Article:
What happens at GenCon…

…doesn’t have to stay at GenCon! This isn’t Vegas, people. So here’s a rundown of amazing things that happened to me at GenCon this year, recorded for posterity because I have a notoriously crummy memory.

  • I got to hang out with lots of awesome people I don’t see very often, which was fantastic. I even got to play some games! Indianapolis is a beautiful city full of great people; If I were ever offered a job there, I’d be fine with moving.
  • I was lucky enough to be on one panel for the Writer’s Symposium, which also entitled me to a reading and a signing. I actually sold a copy of Sidekicks! at the signing! That’s one more copy than I expected to sell. Of course I also managed to injure myself on an errant staple, but that’s pretty much par for the course when you’re me.
  • I attended a panel on novel outlining that completely blew my mind. All the authors on the panel outlined in different ways, but it was Brandon Sanderson‘s method that spoke to me the most. He calls himself a “discovery writer,” and writes to learn about his characters and explore their perspectives. He doesn’t do exercises to establish the personalities of his characters or outline beyond the events that must occur to make sure the book actually goes somewhere (instead of just meandering, which is one of the dangers of being a discovery writer). This is exactly how I write. I usually have a vague idea of what’s going to happen, but I always instantly know everything about my characters, and I drop them into a situation and see where they’ll go. If I do a ton of exercises to learn about my characters and setting, I lose interest in the book or story entirely. It was incredibly heartening to hear that a professional writes the same way I do! I’m not alone in the woods!!
  • My reading was scheduled alongside the delightful Elizabeth Vaughan, who read a great piece from the anthology Chicks Kick Butt. I read my story “Invincible” from the anthology Heroes! (Heroes! was only available at Origins Game Fair, but I have a few copies if you want to get your mitts on one). I’m really proud of that particular story, and Beth was incredibly complimentary about my reading, which meant a lot to me. I enjoy reading my stories to an audience as much as I enjoy writing them, and it’s a thrill when other people (especially accomplished, talented novelists, ahem) also enjoy it.
  • Marc Tassin, the fantastic author who also runs the Writer’s Symposium, said some very kind, generous things to me on Saturday at the Writer’s Hangout. Things I’ll never forget, and which will motivate me for years to come.  I’ll do my best to live up to your expectations, Marc!
  • Author, professor, and musician Gregory Wilson very kindly recommended me to someone who edits and coordinates fiction for a particular gaming company. Assuming that I don’t screw it up, hopefully that means the opportunity to work on some fiction for said gaming company. Cross your fingers for me! Hopefully I’ll owe you one, Greg!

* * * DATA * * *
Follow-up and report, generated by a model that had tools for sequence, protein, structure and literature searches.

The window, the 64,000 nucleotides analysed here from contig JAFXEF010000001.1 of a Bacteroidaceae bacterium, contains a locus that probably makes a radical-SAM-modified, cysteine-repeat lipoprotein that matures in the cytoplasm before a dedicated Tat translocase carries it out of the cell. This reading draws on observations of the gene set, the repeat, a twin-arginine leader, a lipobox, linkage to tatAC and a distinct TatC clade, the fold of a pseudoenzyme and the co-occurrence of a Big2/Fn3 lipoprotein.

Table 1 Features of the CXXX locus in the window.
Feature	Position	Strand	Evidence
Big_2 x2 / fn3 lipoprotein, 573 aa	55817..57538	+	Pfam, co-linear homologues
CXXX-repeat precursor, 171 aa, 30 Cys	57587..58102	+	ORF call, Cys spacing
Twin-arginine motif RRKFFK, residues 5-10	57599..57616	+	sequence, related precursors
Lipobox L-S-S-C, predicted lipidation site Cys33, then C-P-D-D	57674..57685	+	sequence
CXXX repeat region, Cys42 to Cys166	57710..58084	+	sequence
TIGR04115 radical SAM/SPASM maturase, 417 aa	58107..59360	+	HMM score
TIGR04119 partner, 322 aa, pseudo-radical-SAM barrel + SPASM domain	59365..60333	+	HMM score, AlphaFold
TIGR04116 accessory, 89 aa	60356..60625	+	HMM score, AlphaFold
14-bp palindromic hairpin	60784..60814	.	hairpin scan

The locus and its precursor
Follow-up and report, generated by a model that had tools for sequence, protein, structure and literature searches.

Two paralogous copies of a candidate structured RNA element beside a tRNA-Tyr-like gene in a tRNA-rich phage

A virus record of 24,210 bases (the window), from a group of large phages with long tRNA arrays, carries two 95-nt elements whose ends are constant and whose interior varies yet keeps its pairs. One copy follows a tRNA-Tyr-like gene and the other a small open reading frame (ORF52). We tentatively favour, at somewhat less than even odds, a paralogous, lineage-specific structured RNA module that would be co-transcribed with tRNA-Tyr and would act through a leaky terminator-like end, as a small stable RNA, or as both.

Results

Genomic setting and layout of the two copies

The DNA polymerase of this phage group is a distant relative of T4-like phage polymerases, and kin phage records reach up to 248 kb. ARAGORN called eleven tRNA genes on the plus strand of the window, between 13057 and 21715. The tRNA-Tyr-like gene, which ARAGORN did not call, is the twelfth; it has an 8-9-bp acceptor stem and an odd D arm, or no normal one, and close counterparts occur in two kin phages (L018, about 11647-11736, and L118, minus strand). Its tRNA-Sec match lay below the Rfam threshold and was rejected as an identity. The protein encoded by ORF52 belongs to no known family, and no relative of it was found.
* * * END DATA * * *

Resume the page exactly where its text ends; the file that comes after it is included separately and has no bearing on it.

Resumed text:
• I got to hang out with lots of great authors, including the aforementioned folks as well as Lucy Snyder, Lucien Soulban, Brad Beaulieu, Maurice Broaddus, Jennifer Brozek, Gary Kloster, Kelly Swails, Bill Bodden, and Doug Warrick, who I was especially glad to spend time with, because he’s moving to Korea. To write children’s books for ESL students! I’m pretty much totally jealous of everything he does. There was also a little meetup of the Ladies of the Crimson Pact, which is a real thing now, because I say so.
  • For the culmination of an incredible weekend, I met the illustrious Larry Dixon, who had me sign one of my Steampunk World postcards for him, and who said he hoped we will get to work together someday. Squee! He also introduced me to his wife, the singular Mercedes Lackey. And then John Scalzi compared the color of his ukulele to my hair! And I had a little writer-gasm and died. The end.

Next year, I hope I’ll be able to do more panels, because I really enjoy sharing my knowledge and teaching is kind of my Other Calling, so I want to do it at every opportunity. In the end, however, not having many panels to do was pretty great, because I got to see gobs of my friends and I wasn’t constantly stressed out and exhausted. So even if I’m still doing only one panel (or none), GenCon will still be worth it next year. I would really like to check out that True Dungeon thing though. Lots of people were doing it this year so I guess it must be pretty great. So that will be my goal for next year: dungeon crawl!

And now, I need to go do some writing, because Marc Tassin believes in me, and Brandon Sanderson says I’m doing it right, and being around so many successful creative people is, as always, so inspiring that I came away bursting with ideas and motivation. Let’s do this thing!

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